UNRWA, or United Nations Relief and Works Agency, works to provide services in the 10 Palestinian refugee camps in Jordan. It supports 171 schools and by extension over 120,000 students, 25 healthcare centers, 10 rehabilitation centers and 14 women centers. It also provides social safety nets to almost 60,000 refugees and has awarded over $125 million in loans. UNRWA also protects vulnerable women and children by improving access to assistance and case management, as well as monitoring and advocating for the rights of Palestinian refugees in Jordan.

The Youth Base

In 2013, 27-year-old Obay Barakat started The Youth Base, a recycling initiative in the Baqa’a Palestinian refugee camp. Barakat, who lives in the camp, spoke with The Borgen Project about his motivations, saying, “The Baqa’a camp has more than 100,000 people in it, and they live in just two kilometers of space with no services. The situation is so bad that I started to work with schools to teach the new generation to save the environment in Baqa’a camp. The camp is not a good place when talking about population density or infrastructure, but the people here are family, and everyone helps each other.”

According to Barakat, until recently, few cared about this issue. He explains, “The hardest thing was people didn’t accept the idea, so I spent one year working only on awareness, teaching people about how recycling can solve environmental problems.” The Youth Base, which consists of Barakat and nine volunteers, works in the camp to recycle around a half-ton of metal, 10 tons of paper and eight tons of plastic every month. Barakat has used 30% of the money from recycling these materials to start a development project called Camp Theater, where they work with 120 children from the camp, making short films about societal problems like bullying, higher education, violence and harassment.

Jordan has become a center of hope for refugees forced to leave their homes in Palestine and Syria, but refugees often find themselves struggling as the scope of refugee immigration has overwhelmed the country and its resources. Refugee poverty in Jordan has become a serious humanitarian concern in the Middle East over the past decades. The international community, led by bodies like UNRWA, has stepped in to provide what aid they can, but it is smaller organizations like Anera, and even individuals like Obay Barakat, who find themselves picking up the slack. These organizations and people provide much-needed hope for those who have lost everything due to conflict and continue to struggle to find opportunities in their new homes.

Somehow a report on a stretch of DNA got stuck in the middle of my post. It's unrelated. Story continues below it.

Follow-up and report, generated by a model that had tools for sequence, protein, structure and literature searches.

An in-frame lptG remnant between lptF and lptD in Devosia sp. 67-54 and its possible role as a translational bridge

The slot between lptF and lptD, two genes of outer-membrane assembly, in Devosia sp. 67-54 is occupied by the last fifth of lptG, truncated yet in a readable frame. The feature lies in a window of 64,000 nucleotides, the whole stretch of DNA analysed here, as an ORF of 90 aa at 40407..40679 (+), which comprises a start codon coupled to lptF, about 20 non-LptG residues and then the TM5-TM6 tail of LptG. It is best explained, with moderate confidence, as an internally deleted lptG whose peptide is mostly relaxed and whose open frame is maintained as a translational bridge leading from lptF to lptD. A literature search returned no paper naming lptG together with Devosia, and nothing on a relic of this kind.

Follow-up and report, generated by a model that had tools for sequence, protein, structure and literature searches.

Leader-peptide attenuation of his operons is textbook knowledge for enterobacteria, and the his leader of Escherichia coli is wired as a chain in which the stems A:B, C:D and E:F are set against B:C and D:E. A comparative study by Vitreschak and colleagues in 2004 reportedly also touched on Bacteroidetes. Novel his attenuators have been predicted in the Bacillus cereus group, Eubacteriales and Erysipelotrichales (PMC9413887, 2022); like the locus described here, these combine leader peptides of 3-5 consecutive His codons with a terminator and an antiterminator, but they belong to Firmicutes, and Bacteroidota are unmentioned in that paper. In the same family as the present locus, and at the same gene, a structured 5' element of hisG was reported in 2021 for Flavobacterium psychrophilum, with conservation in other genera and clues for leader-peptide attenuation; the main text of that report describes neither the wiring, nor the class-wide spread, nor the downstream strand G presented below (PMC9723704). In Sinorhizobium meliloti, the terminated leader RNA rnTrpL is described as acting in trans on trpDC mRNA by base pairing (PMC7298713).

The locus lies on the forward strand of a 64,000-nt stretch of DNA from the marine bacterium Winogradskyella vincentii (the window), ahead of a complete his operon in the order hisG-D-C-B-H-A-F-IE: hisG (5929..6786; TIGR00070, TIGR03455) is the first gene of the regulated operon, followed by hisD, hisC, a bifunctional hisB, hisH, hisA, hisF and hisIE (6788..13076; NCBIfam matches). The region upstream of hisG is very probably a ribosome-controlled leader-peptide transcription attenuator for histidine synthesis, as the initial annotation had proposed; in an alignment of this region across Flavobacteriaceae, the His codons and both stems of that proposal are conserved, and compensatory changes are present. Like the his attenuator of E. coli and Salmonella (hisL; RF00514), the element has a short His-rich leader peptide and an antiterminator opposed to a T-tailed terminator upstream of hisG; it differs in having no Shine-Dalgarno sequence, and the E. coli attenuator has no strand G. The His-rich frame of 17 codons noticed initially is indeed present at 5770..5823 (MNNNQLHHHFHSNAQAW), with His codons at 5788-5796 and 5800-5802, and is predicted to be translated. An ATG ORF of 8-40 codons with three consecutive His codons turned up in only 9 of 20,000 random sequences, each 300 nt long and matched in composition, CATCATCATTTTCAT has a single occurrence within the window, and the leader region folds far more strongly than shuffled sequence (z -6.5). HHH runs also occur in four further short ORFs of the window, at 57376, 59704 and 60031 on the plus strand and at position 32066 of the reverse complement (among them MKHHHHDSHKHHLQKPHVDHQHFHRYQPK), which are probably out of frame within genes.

– Connor Bradbury
Photo: Flickr

Homelessness in JordanHomelessness is a major issue that almost all countries face around the world. There are many explanations for high rates of homelessness, such as mental health, addiction, unemployment, previous imprisonment and more. However, Jordan presents some of the lowest rates of homelessness across the entire world. In fact, homelessness in Jordan ceases to exist.

In 2017, the Ministry of Social Development in Jordan only reported sixteen cases of homelessness from 2000-2017. The vast majority of these cases (15/16) were accredited to mental health problems, and the sixteenth case consisted of a man who was unemployed and had recently lost his family.

Additionally, all sixteen of these individuals were taken care of and are no longer homeless. The Ministry of Social Development worked to place these citizens in mental health facilities or reconnect them with family members who can help them.

Reasons Why Jordan Has Low Rate of Homelessness

One of the main explanations for a low rate of homelessness in Jordan is its collectivist, tribal culture. A study conducted by Joshua Ahearn reveals that the Jordanian government is not responsible for solving issues of homelessness and instead, homelessness is remedied by family and community members.